At $28M, county jail bids on target

Market & Johnson Project Manager Tyler Schulz opened bids for the Winona County Jail project last Thursday. Rising material prices sent cost estimates up last month, but the bids came in slightly lower than expected.



The bids are in, and the Winona County Jail project is now projected to cost $27.8 million, over $400,000 less than the most recent estimate, county officials said.

The new jail’s estimated price tag has steadily risen, from an early estimate of $22 million in 2019 to $25 million last fall, and $26 million this spring. Last month, a detailed estimate pegged the expense at over $28 million, including a $2.6-million price hike due to the rising costs of steel, lumber, and other materials. With global supply chains wobbling, county officials were wary of more unhappy surprises when they sat down to unseal contractors’ bids last Thursday. Just before opening the bids, Market & Johnson Project Manager Tyler Schulz said the all-in cost might very well reach $30 million.

Instead, county officials could breathe a sigh of relief, as the bids — on the whole — came in lower than the most recent estimate. 

“Obviously with the way the market conditions are now and the fluctuations of materials, there was a real chance we could get caught in some of those changes, and there were some of those [higher than expected prices] in there — the steel, for example — but there were some other things in there that came in under the estimate,” Winona County Administrator Ken Fritz said. He added, “I’m not happy it’s $28 million to spend for the taxpayers, but as far as a construction project goes, in the end it worked out. There weren’t any bid surprises.”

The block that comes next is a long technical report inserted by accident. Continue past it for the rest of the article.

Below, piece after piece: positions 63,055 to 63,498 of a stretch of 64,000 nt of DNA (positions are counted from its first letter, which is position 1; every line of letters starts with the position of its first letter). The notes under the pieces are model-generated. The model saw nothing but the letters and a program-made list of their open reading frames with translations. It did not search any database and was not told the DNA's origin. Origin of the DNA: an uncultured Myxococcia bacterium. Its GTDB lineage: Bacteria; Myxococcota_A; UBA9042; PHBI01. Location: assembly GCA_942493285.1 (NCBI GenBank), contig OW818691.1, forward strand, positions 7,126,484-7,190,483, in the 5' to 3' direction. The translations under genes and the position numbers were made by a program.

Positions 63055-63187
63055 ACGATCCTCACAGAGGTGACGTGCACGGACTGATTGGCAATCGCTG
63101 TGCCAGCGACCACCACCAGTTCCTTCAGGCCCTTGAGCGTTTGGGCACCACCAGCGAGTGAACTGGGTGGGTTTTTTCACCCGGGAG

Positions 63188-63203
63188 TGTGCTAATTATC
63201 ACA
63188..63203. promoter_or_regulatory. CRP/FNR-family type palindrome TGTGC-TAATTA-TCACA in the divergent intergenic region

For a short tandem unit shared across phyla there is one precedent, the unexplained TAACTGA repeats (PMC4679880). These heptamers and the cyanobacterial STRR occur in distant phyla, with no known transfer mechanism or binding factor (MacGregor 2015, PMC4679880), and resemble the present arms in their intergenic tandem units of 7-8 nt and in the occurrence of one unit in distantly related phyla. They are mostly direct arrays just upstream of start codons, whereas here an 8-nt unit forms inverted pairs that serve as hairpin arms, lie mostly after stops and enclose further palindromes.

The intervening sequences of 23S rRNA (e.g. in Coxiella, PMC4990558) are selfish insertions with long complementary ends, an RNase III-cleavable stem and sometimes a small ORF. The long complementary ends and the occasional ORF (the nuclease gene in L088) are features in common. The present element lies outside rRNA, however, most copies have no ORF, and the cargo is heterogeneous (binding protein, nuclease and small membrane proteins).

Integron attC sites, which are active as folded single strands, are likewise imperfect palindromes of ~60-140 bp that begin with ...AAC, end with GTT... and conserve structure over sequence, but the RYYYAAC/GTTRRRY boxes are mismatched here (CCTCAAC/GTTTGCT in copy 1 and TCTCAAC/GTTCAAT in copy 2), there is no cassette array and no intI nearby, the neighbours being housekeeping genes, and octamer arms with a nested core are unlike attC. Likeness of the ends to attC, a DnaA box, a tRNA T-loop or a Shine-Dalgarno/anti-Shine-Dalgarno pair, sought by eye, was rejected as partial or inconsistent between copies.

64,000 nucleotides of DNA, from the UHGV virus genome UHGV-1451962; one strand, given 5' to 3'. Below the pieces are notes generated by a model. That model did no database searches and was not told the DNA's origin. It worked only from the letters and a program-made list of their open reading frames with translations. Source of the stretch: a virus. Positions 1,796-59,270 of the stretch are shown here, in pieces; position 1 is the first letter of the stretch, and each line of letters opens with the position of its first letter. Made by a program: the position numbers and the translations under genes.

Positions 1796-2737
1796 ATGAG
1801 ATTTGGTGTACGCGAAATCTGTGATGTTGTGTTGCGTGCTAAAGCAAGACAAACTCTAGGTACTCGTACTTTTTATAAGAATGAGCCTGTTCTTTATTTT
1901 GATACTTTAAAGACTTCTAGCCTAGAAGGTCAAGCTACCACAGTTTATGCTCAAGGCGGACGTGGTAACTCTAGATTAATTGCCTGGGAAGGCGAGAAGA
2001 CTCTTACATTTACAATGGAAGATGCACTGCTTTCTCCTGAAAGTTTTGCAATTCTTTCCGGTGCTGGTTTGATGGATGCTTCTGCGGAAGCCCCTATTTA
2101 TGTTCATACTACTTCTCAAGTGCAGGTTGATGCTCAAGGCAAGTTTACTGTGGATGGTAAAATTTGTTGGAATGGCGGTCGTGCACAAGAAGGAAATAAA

Fritz pointed out that the $28-million figure includes a $1-million contingency. If there are no unexpected expenses, the county might only pay $27 million.

The County Board is scheduled to vote on whether to accept the bids on August 31, when it also will discuss a groundbreaking date and construction timeline, Fritz said.

The County Board plans to borrow money to finance the new jail, and it took out the first $10-million of debt last November. The county expects to borrow the next $18 million in two chunks, one this fall, and another in January 2022, Fritz said. The standard procedure for local governments is to repay such debt with increased property taxes, spread out over many years. However, some County Board members have argued that paying back the bonds with a sales tax would be a better option. The county already levies a half-cent-on-the-dollar sales tax for road construction, so such a plan could further increase the local sales tax rate. The County Board will likely decide this fall how to fund the debt payments.